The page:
Culinotherapy helps people with Alzheimer’s revive memories, create links, regain autonomy…

A culinary meditation

The plate becomes this transitional object through which speech can be released and psychic pots lighten up. But that’s not enough, because as you know, it is also a language of love and giving. Altruism, cultivated daily in the kitchen, improves well-being and health, reduces stress, makes people happy. Paying attention to others is as much fun as inhaling the delicious smell of warm croissants. Above all, it can be said that preparing a meal is the mindfulness meditation of food lovers. Meditating or making a rice pudding gives the same benefits as those of being in the moment – ​​otherwise it will burn in the pot, but also in your inner pot if you never stop. We slow down, we listen to what is happening inside and around us – the crackle of brown butter melting in the frying pan, the milk bubbling, the noise of the blender, the negative thoughts subside, the stress disappears a little… Suddenly will our local environment become the only priority. You must be at his stove and nothing else. “I can be very ethereal, so cooking brings me back to the here and now, the present, says Annabel Orphelin, author of the cookbook food therapy (ed. Annabel Orphelin). It is a very precious moment of meditation, especially in a world where we are always projecting ourselves. The kitchen still takes on its full significance. My most therapeutic dish is my finances because I know it’s a real gift to my family who love it. I noticed that when you feel good around a table, when you travel tastefully, for example with a good Asian salad, or visually, the impact of colors on the brain, different textures, crisp, soft, subconsciously opens a whole universe of sensations which causes the body to relax. »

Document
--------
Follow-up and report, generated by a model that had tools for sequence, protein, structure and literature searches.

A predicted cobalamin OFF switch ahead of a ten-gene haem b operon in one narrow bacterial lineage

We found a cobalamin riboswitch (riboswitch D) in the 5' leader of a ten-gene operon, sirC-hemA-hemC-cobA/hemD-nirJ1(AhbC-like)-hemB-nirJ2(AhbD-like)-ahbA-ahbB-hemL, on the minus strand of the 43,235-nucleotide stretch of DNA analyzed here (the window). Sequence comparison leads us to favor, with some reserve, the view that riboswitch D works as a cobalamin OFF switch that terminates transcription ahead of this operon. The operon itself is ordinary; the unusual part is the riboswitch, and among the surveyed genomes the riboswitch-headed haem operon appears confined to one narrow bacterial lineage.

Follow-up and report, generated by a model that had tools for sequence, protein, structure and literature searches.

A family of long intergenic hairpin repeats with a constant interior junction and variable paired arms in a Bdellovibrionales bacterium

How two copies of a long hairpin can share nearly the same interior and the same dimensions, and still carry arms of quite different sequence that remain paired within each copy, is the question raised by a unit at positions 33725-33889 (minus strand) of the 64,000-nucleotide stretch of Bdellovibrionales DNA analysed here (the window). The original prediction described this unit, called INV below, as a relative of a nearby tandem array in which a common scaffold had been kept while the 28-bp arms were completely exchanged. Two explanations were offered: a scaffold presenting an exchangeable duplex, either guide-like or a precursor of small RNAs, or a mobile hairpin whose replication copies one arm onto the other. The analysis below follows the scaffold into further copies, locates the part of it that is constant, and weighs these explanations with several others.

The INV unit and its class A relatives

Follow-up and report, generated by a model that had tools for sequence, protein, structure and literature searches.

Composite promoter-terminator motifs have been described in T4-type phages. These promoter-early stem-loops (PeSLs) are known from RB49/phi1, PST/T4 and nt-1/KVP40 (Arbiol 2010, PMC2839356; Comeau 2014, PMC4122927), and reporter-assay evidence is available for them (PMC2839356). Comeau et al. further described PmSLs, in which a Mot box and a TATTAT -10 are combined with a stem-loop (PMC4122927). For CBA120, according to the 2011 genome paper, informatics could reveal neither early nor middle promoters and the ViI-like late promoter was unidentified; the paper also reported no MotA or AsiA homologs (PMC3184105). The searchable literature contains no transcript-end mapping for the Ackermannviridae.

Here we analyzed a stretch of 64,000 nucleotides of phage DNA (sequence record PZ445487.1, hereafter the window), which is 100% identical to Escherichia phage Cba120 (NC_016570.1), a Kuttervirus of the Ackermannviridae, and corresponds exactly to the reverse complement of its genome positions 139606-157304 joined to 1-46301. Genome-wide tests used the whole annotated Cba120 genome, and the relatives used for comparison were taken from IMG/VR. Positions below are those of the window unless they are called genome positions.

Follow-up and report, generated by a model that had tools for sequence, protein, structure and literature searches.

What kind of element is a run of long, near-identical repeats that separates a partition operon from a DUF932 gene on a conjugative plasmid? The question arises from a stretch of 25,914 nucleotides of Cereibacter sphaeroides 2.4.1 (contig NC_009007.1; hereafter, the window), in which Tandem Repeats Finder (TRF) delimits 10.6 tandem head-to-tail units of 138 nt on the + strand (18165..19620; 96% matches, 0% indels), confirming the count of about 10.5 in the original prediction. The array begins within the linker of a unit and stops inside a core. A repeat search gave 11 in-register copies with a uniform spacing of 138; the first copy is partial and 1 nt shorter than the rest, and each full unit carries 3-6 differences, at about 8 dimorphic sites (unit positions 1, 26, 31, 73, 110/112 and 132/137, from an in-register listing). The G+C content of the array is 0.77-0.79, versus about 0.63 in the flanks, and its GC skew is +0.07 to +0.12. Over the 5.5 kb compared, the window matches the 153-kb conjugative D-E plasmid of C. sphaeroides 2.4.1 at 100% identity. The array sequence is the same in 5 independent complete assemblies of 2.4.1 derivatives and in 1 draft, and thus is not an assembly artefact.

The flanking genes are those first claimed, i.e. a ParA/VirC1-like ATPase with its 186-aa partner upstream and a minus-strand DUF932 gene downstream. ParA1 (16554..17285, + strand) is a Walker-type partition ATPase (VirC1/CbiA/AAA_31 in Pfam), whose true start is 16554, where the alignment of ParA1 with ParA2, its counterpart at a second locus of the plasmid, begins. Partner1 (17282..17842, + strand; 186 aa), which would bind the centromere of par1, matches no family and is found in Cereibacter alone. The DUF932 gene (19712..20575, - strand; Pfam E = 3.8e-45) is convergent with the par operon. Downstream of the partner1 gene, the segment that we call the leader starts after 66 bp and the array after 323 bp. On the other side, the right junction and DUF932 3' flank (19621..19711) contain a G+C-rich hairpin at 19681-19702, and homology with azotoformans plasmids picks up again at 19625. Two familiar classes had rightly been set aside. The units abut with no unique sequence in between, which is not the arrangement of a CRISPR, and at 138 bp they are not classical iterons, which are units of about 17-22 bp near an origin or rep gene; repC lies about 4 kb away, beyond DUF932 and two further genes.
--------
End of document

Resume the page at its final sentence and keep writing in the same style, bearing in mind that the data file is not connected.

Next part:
Ice cream to stimulate intelligence

Of course, we also talk a lot about culinotherapy, a term used specifically to define this practice of care at work in nursing homes to help people with, among other things, Alzheimer’s disease, which is quick to revive memories, create links, regain motor skills, autonomy, work with cognitive functions. Cooking as a tool to help heal is also of interest to neurogastronomy, which combines cooking and neuroscience. Scientists are very interested in it, such as Roland Salesse, an agricultural engineer who publishes the cooking brain (Quae). It confirms what we knew intuitively: when we eat sweet food, we secrete endorphins, which will activate the motivational system and lead to a pleasant image, with the desire to reproduce this state. We will therefore tend to want to go for this cuddly food to soothe stress! More surprisingly, we find that eating ice cream for breakfast would increase brain capacity tenfold, according to a study conducted by Yoshihiko Koga, a Japanese specialist in psychophysiology at Kyorin University in Tokyo. This result may seem cold, but it seems that this morning consumption boosts energy and positive emotions. Here’s a cure that pleases us (a little less the nutritionists!). If, in addition to helping psychologically, eating ice cream is also good for our neurons, you can’t wait for summer to enjoy a guilt-free Bronte Pistachio and Piedmont Hazelnut cone from 8! “You’re getting fat! – No, I need to develop my intelligence!”

* The first name has been changed.

Leave a Comment